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without being ritualistic or mediaeval, has put him deservedly
in the front rank of writers on ecclesiastical polity in that
country. The political side of his theory tended to form that
of Locke. (Comp. Hallam, Const. Hist., i., 297.)
Among more recent writers on the relations between church
and state, Bishop Warburton only, with two distinguished
men of our own day, Dr. Thomas Arnold and Mr. Gladstone,
can be spoken of here, and of their opinions but a short ac-
count can fall within our limits.
Warburton's treatise " on the alliance between church and
warburton   on  state, or the necessity and equity of an estab-
church and state.    jjshed  reijgtOn  an(j a test-law demonstrated,"
in three books, first published in 1736, deserts the grounds
on which Hooker stood in several very important respects.
He says (ii., 5, p. 221),* that "the Puritans and their incom-
parable adversary . . . divided truth and falsehood pretty
equally between them. The Puritans were right in supposing
church and state to be two independent societies; they were
wrong in supposing the two societies must always continue
so ; but right again in holding that while they did so continue,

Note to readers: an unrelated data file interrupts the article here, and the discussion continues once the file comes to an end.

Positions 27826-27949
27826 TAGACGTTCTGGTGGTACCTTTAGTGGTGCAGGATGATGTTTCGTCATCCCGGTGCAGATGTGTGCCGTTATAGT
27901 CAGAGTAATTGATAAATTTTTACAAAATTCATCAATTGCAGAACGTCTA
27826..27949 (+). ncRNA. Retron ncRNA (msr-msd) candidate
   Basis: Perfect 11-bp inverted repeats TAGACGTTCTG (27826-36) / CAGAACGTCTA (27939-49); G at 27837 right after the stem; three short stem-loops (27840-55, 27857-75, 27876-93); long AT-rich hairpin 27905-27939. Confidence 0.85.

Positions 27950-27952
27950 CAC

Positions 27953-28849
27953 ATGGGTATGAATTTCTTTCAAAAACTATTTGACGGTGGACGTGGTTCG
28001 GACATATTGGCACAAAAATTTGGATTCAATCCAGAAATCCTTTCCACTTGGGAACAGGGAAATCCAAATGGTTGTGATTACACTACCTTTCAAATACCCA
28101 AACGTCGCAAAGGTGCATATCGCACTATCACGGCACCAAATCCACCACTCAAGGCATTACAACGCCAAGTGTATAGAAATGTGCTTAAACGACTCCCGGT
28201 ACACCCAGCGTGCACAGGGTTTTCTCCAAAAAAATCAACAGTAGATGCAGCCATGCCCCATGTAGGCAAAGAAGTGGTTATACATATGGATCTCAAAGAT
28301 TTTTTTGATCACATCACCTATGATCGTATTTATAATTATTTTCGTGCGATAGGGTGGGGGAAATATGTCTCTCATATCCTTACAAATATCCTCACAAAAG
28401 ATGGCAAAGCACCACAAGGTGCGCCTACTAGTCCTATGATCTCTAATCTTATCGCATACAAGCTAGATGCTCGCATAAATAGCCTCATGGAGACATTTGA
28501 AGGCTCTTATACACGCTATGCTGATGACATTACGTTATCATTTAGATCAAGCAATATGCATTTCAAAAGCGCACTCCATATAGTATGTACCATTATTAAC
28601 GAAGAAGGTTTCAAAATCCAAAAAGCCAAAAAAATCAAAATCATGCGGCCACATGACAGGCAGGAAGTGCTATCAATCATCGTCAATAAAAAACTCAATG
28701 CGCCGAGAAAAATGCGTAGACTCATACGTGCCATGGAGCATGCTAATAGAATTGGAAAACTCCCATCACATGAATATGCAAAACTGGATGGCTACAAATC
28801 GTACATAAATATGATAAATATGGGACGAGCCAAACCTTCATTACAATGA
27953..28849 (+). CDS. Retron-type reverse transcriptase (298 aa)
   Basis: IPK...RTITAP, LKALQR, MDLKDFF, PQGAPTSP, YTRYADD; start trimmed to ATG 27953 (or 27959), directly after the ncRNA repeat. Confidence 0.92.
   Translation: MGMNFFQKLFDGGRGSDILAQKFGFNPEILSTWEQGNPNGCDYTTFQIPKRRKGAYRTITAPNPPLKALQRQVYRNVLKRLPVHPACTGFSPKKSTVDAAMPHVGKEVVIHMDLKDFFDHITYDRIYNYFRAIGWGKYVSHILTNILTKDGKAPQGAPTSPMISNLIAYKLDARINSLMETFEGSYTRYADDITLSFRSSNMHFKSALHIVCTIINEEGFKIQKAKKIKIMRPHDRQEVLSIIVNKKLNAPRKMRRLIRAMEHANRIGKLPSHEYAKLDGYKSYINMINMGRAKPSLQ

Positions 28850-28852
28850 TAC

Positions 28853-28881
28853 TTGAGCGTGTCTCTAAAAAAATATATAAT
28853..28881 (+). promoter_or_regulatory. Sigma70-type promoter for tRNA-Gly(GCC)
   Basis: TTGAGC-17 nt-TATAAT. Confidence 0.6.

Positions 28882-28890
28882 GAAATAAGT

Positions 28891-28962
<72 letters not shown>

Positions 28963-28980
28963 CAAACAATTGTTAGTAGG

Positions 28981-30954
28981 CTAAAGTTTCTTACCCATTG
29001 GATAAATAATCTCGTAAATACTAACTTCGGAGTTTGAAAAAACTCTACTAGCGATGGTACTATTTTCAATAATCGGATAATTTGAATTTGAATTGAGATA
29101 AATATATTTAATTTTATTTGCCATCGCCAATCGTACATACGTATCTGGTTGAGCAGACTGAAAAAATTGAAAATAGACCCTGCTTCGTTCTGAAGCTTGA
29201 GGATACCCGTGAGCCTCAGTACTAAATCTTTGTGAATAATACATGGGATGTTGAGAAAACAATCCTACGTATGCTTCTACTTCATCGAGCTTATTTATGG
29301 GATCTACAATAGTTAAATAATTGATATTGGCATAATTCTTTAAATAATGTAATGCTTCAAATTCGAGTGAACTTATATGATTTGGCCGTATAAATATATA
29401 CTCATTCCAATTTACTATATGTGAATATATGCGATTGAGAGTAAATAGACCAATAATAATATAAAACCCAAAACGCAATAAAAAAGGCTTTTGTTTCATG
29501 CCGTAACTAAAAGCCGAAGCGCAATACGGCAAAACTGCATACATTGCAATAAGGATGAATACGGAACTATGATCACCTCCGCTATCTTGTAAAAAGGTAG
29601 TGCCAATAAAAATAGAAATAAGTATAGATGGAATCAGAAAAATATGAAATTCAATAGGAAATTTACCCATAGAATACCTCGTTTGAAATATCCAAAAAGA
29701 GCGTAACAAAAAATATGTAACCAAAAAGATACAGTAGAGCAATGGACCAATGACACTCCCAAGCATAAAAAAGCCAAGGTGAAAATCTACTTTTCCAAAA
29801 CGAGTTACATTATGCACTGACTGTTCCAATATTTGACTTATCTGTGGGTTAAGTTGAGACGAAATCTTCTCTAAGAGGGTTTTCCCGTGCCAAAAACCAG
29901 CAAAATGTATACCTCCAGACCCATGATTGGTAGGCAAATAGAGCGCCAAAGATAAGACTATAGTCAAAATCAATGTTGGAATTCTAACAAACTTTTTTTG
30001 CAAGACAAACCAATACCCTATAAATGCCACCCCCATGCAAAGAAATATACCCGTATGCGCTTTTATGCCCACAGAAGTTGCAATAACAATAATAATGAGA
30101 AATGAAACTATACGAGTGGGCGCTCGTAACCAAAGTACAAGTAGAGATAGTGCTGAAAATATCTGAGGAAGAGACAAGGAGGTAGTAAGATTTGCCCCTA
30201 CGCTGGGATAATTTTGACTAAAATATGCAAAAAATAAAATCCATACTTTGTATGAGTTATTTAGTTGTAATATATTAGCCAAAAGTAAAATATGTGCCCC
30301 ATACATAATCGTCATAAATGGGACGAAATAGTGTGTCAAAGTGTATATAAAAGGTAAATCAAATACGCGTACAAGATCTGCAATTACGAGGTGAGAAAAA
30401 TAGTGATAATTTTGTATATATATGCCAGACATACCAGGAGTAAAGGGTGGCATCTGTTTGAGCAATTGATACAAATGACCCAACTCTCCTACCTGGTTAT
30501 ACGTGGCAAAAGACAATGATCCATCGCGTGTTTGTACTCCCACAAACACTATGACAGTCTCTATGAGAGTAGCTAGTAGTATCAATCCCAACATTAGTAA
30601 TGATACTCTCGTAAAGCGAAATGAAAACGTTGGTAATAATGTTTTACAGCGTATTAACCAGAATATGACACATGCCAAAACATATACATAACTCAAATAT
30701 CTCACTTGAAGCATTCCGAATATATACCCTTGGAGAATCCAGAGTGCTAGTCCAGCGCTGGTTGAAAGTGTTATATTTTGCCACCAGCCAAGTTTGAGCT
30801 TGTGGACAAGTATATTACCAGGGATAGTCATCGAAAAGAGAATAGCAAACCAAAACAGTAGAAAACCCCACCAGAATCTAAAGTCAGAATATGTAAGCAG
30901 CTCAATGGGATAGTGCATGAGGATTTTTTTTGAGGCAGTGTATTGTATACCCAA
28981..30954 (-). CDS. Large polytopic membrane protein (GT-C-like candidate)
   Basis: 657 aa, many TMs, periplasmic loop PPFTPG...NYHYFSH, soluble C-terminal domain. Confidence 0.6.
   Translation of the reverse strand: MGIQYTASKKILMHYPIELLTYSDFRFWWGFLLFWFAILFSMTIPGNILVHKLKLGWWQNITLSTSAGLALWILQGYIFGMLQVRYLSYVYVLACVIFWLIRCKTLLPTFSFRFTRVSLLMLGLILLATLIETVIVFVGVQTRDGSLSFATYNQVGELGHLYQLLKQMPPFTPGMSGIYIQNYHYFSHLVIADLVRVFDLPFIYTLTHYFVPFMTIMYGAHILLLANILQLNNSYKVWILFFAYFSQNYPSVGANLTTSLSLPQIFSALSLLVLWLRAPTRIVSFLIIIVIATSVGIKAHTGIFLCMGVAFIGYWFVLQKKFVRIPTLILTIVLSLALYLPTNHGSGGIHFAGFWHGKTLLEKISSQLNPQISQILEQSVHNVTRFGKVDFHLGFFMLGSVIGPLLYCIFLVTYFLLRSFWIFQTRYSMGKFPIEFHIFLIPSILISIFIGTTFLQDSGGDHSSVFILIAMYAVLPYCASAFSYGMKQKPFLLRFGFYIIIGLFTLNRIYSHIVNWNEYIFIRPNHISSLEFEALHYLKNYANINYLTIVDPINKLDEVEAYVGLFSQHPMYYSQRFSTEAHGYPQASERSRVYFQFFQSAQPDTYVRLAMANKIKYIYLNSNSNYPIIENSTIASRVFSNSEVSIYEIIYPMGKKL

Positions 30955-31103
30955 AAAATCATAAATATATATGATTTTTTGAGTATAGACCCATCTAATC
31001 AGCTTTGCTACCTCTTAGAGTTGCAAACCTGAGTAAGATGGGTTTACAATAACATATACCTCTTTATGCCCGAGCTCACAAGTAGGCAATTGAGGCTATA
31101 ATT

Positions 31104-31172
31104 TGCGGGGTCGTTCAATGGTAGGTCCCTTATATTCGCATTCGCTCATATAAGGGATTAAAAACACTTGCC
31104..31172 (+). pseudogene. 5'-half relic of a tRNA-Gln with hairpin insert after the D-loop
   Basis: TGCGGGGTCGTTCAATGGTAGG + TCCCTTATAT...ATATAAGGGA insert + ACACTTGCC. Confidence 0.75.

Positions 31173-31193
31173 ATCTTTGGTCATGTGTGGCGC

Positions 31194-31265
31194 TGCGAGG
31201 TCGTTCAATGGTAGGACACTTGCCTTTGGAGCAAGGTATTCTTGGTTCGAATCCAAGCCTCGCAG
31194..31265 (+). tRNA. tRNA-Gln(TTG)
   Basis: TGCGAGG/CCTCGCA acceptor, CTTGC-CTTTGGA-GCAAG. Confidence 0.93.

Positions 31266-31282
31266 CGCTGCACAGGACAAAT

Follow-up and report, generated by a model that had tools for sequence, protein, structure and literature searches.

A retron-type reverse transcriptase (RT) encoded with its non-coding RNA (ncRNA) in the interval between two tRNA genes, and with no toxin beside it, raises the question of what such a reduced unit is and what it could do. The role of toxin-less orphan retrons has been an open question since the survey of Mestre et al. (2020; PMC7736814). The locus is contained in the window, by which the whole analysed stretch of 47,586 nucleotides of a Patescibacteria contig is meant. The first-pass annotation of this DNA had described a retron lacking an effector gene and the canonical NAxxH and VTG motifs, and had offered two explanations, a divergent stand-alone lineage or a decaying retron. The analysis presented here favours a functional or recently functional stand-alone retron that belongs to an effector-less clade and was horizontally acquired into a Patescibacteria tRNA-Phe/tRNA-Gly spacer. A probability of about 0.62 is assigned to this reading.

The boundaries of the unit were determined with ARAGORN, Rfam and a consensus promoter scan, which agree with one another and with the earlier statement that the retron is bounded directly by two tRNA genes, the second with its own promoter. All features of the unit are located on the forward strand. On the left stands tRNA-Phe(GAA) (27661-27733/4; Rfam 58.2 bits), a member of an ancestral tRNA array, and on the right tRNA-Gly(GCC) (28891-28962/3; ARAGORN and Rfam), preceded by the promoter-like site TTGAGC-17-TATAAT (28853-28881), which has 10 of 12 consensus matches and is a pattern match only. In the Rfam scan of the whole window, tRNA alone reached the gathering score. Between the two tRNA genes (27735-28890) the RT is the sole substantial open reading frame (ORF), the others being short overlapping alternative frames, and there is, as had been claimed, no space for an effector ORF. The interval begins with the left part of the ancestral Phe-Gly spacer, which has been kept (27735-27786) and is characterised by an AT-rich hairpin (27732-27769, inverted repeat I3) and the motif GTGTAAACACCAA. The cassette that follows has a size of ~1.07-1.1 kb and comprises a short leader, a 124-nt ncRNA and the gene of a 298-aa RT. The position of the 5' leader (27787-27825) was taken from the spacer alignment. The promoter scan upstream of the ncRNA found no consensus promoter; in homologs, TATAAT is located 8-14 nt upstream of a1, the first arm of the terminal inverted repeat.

the civil magistrate had nothing to do with religion. On the
other hand, Hooker was wrong in thinking church and state
was only one society under two different names. He was
right in asserting the civil magistrate's supremacy in religion,
but wrong again in supposing that this supremacy was by
nature and not by compact. Thus from right premises the
i Puritans drew a wrong conclusion ; and from wrong premises
Hooker drew a right one. But if, from the wrong conclusion
of the former, the supremacy of the magistrate was forever
excluded, yet from the right conclusion of the latter he was
admitted before the time. And all this confusion arose from
common error, admitted on both sides, that if church and
state be distinct and independent societies, they must ever
* I cite vol. vii. of his works, London, 1811.
VOL. II.31